Wow. Just wow.

Monday, April 28, 2014

I'm a tomato mommy

A couple weeks ago, Terwilliger Plaza had a signup for tomato plants. The Plaza gardener, who gave me that great interview a while back on English ivy, does all the work -- planting, watering, fertilizing -- and individual Plaza residents get to enjoy the result, picking fresh tomatoes off their "own" plant on the roof for a mere $8 fee.

I missed the signup. To tell the truth, I wasn't all that excited about the possibility. There are people who are revivified by getting their hands in dirt. I am not one. I believe we have discussed in the past my geek nature, which kind of counteracts any tendency toward earth mother-tude. And plants know it. I believe I once managed to kill a cactus through either neglect or over-attentiveness, I don't know which, this is really not my thing.

But a couple days ago someone told me that the gardener had actually planted more tomatoes than he had sponsors for. And I thought about it again. There they were, orphan tomato plants sitting up there in Tomato Alley with no one to care whether they produced anything or not. A clipboard opposite the elevator door on the roof lists the unclaimed tomato pots -- #141 through #145.

Stepping out onto the sunlit roof, I found them. Most pots around them have both numbers and names on their labels. These have only numbers. In each pot is a little hard plastic label telling the name of the planted variety and describing its characteristics -- how fast it grows, how long it keeps producing tomatoes, how big the tomatoes are and what they will taste like. The one I chose, a perky, vivacious little plant, is a momotaro tomato, described as a good slicing tomato; according to a seed catalog, "...its flavor is an intricate and harmonious combination of sweet and tangy". Momotaro, I discovered through Wikipedia, is a figure out of Japanese folklore, a child who floated down the river inside a giant peach, to be discovered by a lonely and childless couple who raised him as their own. He later heroically conquered a tribe of demons, brought back their treasure with his talking animal friends, and he and his family lived happily ever after.

So Pot #141 is now Pot #141 Taussig, my diet will be vastly improved by the addition of fresh produce all summer, and I get the rewards of gardening without actually having to, you know, garden. Here's what I can expect in a few weeks.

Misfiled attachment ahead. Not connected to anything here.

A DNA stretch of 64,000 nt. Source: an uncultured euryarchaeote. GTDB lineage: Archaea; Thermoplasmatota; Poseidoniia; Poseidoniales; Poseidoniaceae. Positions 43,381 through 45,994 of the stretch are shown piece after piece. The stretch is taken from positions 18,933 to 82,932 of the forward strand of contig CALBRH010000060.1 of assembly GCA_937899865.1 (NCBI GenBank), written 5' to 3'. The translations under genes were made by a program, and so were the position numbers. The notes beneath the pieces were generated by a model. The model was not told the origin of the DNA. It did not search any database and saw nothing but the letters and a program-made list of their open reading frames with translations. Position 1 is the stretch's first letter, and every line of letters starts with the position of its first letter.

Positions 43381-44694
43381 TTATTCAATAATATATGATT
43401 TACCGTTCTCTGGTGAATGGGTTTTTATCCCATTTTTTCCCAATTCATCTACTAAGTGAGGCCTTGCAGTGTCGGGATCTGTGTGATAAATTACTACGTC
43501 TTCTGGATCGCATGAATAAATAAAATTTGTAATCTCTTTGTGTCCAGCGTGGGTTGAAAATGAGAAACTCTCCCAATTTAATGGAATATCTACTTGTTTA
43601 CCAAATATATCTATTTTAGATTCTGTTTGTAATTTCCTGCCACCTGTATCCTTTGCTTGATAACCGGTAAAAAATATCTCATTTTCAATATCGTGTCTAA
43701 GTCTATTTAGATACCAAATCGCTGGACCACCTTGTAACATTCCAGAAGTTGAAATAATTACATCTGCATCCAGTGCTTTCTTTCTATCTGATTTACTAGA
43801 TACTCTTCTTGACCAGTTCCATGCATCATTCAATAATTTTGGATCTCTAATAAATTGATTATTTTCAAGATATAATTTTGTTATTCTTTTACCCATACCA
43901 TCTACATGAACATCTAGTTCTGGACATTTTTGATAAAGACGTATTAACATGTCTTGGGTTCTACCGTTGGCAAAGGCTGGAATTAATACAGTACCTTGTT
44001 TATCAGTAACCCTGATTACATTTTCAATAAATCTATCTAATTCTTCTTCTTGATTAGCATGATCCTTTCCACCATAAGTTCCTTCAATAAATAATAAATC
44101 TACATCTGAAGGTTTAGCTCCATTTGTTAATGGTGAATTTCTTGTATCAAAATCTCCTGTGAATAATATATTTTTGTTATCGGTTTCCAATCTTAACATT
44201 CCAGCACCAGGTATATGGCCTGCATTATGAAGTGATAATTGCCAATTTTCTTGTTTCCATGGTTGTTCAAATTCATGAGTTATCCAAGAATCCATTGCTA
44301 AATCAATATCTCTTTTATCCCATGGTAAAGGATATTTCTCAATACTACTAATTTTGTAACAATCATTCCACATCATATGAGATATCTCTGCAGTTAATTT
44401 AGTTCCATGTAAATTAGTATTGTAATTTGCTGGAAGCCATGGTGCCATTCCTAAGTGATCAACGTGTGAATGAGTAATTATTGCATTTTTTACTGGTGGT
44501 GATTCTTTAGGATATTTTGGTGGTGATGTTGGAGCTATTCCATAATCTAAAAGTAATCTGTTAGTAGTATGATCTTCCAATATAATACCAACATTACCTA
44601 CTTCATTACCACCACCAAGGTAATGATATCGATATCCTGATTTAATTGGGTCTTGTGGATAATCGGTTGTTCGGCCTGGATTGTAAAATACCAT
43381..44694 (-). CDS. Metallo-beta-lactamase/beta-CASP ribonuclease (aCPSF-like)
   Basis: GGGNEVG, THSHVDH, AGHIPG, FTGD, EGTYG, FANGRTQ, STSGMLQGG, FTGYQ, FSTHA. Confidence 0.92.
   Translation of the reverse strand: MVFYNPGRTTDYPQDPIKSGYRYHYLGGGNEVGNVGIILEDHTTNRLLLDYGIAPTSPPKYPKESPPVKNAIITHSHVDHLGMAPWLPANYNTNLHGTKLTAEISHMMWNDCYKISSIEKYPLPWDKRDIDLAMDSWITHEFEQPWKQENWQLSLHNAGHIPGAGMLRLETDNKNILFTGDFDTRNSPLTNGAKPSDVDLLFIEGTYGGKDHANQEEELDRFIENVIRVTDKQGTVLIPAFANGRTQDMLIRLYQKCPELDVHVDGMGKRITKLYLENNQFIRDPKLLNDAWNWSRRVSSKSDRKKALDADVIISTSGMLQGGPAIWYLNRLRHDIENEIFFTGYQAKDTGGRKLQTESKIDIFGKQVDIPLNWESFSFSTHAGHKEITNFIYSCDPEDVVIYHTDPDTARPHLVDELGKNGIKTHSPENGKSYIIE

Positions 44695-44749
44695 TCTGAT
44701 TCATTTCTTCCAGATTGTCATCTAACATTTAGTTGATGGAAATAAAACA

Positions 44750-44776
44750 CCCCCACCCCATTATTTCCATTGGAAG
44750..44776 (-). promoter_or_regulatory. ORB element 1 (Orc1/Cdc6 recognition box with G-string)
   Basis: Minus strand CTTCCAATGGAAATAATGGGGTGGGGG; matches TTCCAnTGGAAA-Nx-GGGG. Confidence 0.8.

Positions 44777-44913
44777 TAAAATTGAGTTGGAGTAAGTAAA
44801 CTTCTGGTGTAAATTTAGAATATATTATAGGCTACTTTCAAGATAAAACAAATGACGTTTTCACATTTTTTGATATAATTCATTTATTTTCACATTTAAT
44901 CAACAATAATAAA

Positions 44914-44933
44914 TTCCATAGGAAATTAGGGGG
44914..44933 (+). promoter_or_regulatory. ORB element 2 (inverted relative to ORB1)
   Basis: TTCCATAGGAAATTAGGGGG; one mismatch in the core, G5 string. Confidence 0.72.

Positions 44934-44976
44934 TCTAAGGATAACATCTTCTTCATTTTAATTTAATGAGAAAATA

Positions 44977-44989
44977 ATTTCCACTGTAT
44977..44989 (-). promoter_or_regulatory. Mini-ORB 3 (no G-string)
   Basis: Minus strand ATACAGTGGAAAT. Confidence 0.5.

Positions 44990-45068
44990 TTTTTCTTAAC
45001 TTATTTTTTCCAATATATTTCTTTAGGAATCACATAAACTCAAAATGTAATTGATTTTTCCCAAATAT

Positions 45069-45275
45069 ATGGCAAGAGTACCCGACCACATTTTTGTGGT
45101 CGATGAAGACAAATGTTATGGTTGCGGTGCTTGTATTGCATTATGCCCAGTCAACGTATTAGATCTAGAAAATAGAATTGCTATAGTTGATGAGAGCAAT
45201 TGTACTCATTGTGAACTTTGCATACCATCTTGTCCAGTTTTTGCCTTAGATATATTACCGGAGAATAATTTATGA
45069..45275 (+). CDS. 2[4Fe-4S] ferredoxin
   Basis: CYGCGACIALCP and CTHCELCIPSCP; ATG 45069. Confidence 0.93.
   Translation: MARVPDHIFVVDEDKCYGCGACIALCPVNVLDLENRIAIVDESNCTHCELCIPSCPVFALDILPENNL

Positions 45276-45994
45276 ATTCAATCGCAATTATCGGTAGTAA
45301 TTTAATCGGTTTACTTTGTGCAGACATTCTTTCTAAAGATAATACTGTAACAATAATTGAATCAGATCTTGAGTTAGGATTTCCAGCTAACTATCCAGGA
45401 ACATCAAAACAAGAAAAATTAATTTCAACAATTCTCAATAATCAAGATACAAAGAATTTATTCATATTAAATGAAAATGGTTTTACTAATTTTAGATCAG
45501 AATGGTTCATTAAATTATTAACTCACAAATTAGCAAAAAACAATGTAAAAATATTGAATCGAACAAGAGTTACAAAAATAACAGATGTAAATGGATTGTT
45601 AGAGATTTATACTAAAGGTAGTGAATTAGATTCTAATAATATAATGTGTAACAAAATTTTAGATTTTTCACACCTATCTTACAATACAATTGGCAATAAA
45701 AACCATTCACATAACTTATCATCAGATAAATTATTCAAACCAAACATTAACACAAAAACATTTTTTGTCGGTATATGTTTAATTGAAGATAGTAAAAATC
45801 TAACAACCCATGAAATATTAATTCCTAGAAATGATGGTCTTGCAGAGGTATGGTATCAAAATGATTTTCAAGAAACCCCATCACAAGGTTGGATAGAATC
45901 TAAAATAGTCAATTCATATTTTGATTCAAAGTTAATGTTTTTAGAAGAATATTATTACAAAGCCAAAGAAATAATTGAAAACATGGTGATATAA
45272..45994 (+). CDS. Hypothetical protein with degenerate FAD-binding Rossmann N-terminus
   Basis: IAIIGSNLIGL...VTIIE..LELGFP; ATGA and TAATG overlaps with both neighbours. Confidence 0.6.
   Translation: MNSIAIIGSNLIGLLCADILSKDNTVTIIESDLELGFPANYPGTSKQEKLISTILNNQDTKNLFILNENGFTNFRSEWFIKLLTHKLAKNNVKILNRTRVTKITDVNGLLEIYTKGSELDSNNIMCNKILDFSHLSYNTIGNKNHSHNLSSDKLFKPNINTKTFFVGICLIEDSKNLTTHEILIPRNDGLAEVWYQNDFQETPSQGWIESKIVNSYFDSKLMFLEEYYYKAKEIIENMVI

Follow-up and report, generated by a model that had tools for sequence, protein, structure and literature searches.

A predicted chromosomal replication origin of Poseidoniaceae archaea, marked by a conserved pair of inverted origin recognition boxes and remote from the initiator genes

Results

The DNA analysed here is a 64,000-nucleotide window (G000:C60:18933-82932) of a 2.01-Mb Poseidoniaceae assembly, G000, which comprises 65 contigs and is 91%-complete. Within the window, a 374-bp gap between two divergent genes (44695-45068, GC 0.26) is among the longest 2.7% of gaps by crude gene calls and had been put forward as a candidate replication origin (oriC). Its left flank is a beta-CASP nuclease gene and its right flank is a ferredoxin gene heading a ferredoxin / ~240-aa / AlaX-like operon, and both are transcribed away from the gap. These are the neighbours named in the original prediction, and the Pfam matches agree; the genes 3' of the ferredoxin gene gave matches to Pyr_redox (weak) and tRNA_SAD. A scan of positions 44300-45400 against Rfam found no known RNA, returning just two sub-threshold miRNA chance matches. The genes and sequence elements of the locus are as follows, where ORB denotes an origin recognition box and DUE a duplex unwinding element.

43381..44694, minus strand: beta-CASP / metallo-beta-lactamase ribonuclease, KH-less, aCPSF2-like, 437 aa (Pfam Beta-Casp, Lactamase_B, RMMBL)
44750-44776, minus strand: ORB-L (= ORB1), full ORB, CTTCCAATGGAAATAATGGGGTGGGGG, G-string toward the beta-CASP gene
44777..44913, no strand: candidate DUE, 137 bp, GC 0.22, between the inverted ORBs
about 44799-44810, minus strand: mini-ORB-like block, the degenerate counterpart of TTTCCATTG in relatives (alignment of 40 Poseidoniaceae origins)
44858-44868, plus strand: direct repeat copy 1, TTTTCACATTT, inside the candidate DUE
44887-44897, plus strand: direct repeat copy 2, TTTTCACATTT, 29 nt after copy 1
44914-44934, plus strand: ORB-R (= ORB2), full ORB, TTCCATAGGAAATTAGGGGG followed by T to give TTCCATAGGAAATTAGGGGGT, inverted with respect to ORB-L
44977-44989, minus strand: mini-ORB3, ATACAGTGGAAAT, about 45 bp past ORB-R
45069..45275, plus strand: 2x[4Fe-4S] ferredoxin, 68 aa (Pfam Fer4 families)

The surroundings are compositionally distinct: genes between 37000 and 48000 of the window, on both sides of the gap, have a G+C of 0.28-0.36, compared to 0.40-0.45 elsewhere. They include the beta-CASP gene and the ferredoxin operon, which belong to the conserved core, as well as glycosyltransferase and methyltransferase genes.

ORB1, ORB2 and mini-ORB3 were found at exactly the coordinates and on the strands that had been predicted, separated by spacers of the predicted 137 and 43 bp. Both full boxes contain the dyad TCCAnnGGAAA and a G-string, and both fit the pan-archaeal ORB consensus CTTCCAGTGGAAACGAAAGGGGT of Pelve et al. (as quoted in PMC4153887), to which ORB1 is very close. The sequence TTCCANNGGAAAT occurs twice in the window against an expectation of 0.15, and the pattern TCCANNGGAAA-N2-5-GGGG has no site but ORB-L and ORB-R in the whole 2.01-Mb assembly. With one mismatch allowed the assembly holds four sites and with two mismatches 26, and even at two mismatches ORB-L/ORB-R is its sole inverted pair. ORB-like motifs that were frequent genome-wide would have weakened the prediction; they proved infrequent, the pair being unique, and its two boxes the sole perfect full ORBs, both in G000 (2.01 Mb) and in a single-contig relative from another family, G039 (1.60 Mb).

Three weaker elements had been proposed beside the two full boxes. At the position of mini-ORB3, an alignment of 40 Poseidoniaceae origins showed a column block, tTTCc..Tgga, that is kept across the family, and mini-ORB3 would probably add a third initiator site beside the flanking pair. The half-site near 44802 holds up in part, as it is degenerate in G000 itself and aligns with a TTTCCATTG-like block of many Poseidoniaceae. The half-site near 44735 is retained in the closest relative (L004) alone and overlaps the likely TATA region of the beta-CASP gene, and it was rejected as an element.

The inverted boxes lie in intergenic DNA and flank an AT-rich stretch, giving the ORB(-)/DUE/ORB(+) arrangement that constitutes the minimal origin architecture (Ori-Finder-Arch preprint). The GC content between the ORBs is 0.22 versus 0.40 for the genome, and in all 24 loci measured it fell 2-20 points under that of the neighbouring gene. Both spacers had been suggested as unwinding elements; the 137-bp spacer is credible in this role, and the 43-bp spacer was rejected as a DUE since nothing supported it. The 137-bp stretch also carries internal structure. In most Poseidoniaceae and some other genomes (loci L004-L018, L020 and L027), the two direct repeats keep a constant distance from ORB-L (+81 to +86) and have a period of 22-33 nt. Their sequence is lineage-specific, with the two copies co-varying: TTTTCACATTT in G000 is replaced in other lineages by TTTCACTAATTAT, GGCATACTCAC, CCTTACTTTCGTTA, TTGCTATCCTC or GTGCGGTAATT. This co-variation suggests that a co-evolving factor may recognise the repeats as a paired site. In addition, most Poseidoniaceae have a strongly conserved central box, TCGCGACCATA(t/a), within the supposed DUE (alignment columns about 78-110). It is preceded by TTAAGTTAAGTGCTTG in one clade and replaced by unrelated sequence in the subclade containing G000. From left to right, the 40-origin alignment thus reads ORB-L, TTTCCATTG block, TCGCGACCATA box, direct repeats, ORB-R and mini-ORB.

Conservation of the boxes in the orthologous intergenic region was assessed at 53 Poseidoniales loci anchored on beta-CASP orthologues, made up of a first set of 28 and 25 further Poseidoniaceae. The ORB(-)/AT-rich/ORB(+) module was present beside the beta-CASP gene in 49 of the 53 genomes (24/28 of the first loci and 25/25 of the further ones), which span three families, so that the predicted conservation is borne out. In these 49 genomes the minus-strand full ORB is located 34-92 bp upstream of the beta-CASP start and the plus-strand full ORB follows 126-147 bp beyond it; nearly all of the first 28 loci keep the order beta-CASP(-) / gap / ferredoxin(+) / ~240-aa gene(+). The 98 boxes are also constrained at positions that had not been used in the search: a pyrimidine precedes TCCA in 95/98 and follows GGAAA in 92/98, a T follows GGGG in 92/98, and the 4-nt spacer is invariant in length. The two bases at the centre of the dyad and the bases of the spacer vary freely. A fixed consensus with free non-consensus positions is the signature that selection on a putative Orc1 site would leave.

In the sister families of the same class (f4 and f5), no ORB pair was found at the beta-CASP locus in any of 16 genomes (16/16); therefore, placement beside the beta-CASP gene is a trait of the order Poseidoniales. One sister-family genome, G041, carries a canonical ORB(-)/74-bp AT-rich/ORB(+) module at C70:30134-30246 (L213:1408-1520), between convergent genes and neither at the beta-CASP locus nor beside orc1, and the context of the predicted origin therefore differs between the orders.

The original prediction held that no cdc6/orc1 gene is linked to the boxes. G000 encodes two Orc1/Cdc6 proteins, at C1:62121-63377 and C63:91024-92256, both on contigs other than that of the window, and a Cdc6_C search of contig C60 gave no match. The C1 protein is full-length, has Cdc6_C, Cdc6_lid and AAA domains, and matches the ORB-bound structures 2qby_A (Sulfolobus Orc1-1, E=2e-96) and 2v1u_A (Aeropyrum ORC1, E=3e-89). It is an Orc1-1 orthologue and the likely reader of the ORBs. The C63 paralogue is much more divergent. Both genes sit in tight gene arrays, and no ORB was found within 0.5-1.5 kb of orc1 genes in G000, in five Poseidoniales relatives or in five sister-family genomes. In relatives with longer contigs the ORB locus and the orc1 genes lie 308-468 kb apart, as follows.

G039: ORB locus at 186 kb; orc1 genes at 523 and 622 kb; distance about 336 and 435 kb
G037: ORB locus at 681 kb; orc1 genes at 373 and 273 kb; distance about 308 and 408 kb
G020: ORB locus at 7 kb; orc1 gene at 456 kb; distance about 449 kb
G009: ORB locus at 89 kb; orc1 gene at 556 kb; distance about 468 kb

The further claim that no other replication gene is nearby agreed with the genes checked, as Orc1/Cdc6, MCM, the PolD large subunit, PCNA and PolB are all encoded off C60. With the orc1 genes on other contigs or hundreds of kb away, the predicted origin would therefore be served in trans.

Anybody know how many tomatoes one plant can produce? Am I going to end up like all the zucchini growers begging friends, associates, and total strangers to PLEASE take some home?

Thursday, April 24, 2014


Had the medical procedure this morning. No aftereffects, and I'm not dying this week, at least not of what they were looking for.

But the experience of anesthesia was amazing. There I lay amid probably eight or ten medical people talking to one another in medicalese, not very comprehensible, but at least I could recognize some of the words they were using. I had met most of them -- Debra, Susan, Drs. Mehta and Chen (they told me first names, but I've forgotten them), Tyson, the tall thin woman who looked like a rancher's wife -- and I felt included and informed and cared for.

Then someone, probably Susan, the anesthetist-nurse, said, "We're going to start giving you the anesthesia now, it may sting a bit." I waited for the sting. No sting. Then, for about three seconds, I found it very difficult to make sense of the words I was hearing. I closed my eyes.

And the next instant -- I mean, the very next instant! -- I was back in the recovery cubicle deciding whether or not to open my eyes. No fogginess, no confusion, no disorientation. Just wham! It was an hour later, people had been poking around in the innermost of my insides, even chopping off small bits that they didn't like, and I hadn't been there. For an hour, I just wasn't there. Like a light switch. Click, I'm gone, click an hour later, I'm back.

It feels like there's a very interesting conversation to be had now about life after death, in which I could make arguments on either side. But I didn't sleep very well last night and I think I'll take a nap instead of philosophizing about the persistence of the soul. (I think the philosophy classes here at Terwilliger Plaza are luring my mind into unaccustomed weird paths.)

Sunday, April 20, 2014

on following medical instructions

On of the less delightful aspects of growing old is the panoply of medical tests the AMA has decided it needs to inflict on me to make sure I'm not sick in various specific ways. Next week, I will undergo one of the least fun pleasant, a colonoscopy.

In preparation for this ordeal, I have been given instructions on how to make my insides as cleanly visible as possible to the probing gastroenterologists. For the seven days before the test, I am directed not to eat anything with seeds: no corn, popcorn, cucumbers, watermelon, tomatoes, berries, poppyseeds, sesame seeds, or nuts. I am appalled to realize how difficult I'm finding that simple direction.